The summer season unofficially kicked off last weekend, with people around the country heading to wooded cabins, oceanside bungalows and lakeview retreats. But as you dusted off the cobwebs, we here at Security Baron hope you took the time to consider your vacation home’s security when you’re not around.
Securing a vacation home comes with some unique challenges. Rustic cabins often lack the amenities of suburban homes and are frequently left empty for weeks on end. This means you need a robust security system that can operate in tricky situations. Below, we have some tips for keeping your home away from home secure all year long.
Avoid the internet
Many vacation houses lack the powerful internet connections many of us are used to, which is fine most of the time — you’re there to unplug anyway, right? But that means security systems that rely on an internet connection can be problematic. If a router needs to be reset or a tree falls on a rural cable line, you’re out of luck.
Instead, consider a system that connects over cellular networks. These work wirelessly and can alert you or a monitoring company of break-ins even if the power goes down. Out of cell range? Many top security systems also have landline options.
Automate your retreat
Criminals love getting into a house that they know is empty. In many popular vacation spots, they have plenty of pickings. So making it look like someone is home, or even putting a shadow of a doubt into a burglar’s mind, can go a long way toward making sure your home stays safe.
While we love smart home devices like lightbulbs and plugs for securing your main home, those devices often rely on Wi-Fi connections to work at their best. Instead, go old-school with some plug-in timers on your lamps and maybe even on a fan to create some motion. Add in a motion-activated outdoor light and you’re sure to scare off some criminals.
If you rent out your second home, you may also want to consider a connected door lock. While these require a bit of setup and some form of connectivity, they allow you to control access to the house when you can’t be there to hand over the keys. They also make it easier to let someone in if something goes wrong.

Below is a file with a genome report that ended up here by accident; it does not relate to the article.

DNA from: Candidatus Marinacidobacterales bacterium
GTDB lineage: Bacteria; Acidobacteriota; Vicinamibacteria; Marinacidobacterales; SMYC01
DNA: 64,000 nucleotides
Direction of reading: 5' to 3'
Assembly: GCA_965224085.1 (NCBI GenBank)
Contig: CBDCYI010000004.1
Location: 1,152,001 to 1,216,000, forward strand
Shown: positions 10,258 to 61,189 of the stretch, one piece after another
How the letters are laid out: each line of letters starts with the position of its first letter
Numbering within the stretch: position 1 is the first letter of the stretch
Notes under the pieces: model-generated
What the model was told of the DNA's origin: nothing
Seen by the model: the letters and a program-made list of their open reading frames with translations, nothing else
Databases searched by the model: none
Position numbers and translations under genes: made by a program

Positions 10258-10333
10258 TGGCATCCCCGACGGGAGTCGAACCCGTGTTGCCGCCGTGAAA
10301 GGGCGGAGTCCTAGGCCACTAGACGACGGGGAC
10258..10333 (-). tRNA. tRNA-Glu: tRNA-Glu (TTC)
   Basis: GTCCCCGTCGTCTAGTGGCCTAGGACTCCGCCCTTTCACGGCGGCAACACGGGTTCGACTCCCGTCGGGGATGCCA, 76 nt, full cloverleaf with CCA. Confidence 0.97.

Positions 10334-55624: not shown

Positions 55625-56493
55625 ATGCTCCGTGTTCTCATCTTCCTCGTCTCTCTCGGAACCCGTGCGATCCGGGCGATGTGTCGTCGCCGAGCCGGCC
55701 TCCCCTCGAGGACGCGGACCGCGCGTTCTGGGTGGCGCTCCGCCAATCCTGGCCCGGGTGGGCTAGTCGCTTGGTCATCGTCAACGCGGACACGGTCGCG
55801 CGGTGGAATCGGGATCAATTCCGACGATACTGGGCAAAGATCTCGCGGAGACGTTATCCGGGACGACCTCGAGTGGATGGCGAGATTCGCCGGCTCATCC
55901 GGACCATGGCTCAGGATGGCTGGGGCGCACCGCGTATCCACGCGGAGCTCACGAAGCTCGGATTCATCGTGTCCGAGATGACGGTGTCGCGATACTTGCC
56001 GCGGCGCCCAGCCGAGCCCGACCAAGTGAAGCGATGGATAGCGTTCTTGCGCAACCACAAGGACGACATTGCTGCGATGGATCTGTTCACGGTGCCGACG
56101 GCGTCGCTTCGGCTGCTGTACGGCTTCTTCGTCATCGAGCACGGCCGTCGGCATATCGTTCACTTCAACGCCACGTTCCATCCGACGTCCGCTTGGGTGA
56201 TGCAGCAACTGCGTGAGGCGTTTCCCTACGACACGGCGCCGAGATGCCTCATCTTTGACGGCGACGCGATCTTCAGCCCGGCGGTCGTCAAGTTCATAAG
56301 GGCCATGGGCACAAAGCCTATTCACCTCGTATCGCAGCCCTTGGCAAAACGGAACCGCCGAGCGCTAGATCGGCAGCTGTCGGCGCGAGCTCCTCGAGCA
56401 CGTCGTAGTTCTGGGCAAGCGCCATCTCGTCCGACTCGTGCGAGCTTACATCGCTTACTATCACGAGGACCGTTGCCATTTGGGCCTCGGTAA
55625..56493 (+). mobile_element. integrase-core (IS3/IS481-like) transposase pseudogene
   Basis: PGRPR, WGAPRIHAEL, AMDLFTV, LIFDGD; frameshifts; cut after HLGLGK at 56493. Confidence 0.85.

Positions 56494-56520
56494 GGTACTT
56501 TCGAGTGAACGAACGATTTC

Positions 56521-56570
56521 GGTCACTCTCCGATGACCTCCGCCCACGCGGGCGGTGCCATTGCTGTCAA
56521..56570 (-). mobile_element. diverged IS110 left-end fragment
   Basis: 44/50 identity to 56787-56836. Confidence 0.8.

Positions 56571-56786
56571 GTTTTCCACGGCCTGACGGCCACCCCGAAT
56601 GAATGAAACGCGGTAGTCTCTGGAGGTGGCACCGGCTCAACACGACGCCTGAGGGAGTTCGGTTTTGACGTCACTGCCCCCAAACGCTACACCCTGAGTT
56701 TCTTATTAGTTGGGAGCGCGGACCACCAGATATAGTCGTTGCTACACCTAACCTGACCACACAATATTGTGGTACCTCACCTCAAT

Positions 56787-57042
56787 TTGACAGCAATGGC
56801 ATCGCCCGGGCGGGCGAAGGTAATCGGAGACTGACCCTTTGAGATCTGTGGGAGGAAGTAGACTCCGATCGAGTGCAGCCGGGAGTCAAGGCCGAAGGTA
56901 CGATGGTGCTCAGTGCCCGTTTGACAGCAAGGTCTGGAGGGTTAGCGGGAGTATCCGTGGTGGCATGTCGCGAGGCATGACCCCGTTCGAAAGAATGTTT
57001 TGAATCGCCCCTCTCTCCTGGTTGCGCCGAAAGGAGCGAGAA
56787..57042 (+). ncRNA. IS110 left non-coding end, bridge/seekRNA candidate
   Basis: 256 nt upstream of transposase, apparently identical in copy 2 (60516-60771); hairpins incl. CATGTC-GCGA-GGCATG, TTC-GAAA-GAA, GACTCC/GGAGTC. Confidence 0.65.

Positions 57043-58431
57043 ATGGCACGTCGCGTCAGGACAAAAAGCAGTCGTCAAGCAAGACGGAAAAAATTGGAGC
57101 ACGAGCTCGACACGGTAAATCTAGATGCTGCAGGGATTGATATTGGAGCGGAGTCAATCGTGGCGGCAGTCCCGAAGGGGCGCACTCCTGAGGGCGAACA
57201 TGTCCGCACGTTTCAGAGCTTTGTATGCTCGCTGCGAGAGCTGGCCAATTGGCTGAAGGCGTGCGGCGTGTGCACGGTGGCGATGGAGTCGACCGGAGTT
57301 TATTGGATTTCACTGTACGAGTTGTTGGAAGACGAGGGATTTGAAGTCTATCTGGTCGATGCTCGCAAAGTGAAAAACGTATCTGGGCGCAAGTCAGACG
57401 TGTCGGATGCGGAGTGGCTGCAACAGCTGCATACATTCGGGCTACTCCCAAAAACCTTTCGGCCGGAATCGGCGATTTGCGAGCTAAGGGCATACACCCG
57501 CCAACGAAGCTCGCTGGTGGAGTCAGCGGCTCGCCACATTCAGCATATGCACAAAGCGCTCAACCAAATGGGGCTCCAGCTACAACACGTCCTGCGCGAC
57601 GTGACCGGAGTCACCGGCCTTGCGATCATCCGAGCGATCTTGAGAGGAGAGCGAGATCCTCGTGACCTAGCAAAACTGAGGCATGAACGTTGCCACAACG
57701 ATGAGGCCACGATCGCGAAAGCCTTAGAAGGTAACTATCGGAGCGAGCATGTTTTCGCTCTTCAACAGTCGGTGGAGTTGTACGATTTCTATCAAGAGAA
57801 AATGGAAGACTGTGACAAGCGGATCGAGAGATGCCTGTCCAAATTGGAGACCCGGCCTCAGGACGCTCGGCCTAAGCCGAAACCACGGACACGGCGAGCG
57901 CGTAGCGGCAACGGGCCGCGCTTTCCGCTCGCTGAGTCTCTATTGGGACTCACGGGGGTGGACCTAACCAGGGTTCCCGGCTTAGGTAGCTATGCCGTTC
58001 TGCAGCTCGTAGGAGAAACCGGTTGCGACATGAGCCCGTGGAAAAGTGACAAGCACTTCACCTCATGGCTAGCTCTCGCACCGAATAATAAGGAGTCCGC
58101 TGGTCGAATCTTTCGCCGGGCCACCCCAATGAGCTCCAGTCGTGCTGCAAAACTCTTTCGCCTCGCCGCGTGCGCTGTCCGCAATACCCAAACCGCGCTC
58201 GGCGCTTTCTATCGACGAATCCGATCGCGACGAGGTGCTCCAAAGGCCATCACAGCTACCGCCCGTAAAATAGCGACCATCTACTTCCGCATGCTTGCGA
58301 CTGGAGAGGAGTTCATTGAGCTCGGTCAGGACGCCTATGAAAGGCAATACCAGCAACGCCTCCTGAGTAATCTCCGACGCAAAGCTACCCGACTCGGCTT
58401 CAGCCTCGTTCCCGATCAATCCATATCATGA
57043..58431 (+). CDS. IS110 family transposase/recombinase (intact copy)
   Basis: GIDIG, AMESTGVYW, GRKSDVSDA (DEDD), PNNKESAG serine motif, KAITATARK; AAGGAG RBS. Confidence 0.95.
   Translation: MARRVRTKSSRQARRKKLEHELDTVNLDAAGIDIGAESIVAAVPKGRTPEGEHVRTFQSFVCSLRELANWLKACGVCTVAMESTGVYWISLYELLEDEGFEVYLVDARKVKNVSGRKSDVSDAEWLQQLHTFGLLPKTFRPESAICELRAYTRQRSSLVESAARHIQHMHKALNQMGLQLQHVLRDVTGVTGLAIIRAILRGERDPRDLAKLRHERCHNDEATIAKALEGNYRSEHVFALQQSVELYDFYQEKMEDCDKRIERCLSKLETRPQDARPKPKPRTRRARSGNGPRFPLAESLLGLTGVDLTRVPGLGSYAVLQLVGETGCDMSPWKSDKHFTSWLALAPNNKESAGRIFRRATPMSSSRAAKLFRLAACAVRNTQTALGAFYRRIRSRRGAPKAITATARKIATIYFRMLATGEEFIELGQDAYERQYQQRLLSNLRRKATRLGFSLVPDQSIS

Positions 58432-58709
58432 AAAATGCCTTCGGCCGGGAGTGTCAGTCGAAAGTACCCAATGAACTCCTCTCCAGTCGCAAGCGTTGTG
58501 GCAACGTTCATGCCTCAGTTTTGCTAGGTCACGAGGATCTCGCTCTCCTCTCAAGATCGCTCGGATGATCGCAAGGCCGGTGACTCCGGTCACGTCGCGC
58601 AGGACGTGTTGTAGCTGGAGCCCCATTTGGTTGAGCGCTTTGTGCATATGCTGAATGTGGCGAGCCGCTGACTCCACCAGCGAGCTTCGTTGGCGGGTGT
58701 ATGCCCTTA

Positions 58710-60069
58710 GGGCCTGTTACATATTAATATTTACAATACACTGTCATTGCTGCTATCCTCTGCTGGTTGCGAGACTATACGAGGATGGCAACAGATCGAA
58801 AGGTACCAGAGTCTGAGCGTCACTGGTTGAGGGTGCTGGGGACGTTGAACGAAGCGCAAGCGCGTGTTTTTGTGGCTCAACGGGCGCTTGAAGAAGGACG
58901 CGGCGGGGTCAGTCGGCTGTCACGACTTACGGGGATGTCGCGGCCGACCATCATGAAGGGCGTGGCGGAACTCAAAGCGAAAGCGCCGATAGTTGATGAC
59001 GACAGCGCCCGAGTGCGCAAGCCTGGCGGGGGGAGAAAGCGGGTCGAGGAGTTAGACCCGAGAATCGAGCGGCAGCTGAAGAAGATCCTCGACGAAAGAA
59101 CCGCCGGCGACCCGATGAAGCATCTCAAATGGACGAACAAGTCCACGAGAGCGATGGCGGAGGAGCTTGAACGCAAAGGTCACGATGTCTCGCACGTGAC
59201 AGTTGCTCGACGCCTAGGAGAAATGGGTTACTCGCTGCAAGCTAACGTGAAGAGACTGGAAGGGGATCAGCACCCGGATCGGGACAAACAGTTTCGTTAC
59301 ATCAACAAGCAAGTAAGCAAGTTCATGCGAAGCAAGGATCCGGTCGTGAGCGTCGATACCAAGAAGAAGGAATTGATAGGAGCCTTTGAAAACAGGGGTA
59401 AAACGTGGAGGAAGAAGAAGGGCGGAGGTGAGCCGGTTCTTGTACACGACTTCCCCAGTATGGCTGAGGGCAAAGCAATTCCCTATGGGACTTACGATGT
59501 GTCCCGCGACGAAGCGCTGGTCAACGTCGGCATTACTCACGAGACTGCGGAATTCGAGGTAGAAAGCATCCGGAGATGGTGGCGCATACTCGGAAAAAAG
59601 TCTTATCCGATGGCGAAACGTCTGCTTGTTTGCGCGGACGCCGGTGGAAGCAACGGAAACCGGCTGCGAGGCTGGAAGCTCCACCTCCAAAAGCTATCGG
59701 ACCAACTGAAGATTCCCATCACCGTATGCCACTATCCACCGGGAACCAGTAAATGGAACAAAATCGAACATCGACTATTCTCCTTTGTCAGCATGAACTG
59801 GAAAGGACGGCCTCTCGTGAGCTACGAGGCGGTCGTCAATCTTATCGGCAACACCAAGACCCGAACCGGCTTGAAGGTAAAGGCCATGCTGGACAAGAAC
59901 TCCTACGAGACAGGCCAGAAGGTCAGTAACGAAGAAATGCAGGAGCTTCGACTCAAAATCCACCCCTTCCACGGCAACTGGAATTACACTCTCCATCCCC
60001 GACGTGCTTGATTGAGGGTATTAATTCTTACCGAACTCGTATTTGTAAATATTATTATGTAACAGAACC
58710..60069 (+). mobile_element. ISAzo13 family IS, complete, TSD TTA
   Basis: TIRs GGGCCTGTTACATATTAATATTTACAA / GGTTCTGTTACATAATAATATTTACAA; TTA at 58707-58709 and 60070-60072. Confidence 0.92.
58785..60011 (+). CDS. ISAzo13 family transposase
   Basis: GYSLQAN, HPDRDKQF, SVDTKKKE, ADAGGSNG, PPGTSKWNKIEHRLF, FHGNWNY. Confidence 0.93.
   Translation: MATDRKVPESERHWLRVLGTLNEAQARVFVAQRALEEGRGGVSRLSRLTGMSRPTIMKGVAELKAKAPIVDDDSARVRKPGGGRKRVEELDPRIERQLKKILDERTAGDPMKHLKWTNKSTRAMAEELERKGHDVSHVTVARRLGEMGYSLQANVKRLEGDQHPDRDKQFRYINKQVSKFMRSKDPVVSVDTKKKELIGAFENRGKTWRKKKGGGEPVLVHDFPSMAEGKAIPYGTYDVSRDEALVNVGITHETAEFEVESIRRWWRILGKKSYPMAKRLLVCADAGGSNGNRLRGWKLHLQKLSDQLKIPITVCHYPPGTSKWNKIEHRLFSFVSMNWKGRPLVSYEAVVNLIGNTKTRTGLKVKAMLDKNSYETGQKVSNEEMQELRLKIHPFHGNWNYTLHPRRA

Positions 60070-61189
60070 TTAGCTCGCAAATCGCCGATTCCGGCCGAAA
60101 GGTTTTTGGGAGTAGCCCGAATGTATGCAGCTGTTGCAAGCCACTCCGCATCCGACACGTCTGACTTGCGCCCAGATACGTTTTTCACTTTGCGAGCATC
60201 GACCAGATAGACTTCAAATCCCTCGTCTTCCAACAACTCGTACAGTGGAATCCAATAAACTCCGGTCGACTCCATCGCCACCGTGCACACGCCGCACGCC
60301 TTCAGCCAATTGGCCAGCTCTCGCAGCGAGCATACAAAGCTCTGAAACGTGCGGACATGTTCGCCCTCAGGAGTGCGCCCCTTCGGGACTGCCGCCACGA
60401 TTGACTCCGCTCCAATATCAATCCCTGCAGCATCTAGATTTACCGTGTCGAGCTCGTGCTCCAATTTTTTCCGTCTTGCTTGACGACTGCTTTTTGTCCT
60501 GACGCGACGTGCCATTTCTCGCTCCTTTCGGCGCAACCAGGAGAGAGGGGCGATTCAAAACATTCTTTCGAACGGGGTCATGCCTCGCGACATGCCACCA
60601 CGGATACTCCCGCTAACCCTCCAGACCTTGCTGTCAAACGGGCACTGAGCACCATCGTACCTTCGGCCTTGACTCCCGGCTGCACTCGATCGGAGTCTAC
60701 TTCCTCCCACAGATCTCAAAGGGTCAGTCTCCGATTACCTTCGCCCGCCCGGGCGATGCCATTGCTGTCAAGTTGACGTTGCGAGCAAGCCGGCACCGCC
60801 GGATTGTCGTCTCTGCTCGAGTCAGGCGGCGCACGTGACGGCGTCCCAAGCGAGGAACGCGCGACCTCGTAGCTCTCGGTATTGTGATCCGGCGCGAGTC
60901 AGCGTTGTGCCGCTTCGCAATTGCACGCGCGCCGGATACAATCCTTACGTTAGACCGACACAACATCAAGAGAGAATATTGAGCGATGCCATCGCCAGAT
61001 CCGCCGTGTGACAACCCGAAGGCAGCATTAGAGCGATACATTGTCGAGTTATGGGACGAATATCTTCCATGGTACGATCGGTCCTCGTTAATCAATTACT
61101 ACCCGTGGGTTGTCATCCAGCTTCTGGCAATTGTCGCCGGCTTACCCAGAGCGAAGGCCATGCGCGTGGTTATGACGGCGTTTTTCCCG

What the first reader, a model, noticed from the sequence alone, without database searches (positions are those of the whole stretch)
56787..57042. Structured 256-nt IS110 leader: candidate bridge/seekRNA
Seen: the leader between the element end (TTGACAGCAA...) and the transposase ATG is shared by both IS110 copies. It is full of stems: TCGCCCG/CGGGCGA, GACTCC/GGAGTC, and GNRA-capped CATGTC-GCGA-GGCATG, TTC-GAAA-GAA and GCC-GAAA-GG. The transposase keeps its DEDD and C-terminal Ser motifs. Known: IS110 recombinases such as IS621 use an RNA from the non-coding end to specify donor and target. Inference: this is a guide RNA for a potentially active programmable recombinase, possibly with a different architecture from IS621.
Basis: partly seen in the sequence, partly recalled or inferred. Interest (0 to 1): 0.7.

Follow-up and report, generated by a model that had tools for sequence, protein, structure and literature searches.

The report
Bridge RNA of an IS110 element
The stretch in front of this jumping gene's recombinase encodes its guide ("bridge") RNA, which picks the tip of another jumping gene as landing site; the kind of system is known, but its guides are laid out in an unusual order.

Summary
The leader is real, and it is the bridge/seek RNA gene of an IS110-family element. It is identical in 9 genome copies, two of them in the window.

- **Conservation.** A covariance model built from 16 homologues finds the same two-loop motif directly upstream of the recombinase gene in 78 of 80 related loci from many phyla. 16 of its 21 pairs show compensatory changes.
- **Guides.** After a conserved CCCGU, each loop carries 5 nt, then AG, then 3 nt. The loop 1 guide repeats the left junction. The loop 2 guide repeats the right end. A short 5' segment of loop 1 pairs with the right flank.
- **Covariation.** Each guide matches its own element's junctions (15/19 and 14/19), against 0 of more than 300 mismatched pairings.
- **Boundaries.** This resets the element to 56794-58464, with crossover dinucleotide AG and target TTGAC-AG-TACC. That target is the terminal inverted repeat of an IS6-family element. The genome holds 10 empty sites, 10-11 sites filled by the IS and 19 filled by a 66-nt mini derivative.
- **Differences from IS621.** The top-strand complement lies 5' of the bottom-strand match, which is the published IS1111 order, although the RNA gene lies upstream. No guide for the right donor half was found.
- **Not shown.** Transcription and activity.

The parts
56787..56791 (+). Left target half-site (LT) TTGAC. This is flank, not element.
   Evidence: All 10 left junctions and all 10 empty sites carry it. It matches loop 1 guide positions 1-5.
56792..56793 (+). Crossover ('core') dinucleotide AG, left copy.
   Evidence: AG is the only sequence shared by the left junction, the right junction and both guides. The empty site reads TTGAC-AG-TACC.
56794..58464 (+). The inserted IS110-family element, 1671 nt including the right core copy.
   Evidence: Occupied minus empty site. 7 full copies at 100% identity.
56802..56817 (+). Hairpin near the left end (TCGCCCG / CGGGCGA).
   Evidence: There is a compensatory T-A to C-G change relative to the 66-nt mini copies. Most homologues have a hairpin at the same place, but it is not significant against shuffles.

Know thy neighbors
Nothing beats an extra set of eyes on your property. If your vacation home is near other people, get to know the neighbors and you’ll have a real live human to help you spot suspicious activity. Depending on how close you are with them, you can let them know when you’ll be up there or if friends are getting there first to avoid confusion.
You can also let your local authorities know that your house is often vacant. They can pay special attention to it during patrols and know who to alert if something goes wrong.
Accept the possibilities
If you’re really out in the wilderness or still aren’t sure your house will be secure, you may want to make your second home less lucrative for thieves. The first step could be upgrading locks, strike plates and other hardware to make the physical process of breaking in harder, but you may have to accept the fate that dedicated burglars may get in anyway.
Instead, minimize your potential losses. Keep an old TV with a VCR and your old VHS tapes there instead of a fancy Blu-ray player and big screen TV. Take bedding and cookware with you at the end of the vacation season. Depending on your vacation home and preferences, keeping just the bare minimum in your little getaway could even make your vacations more relaxing.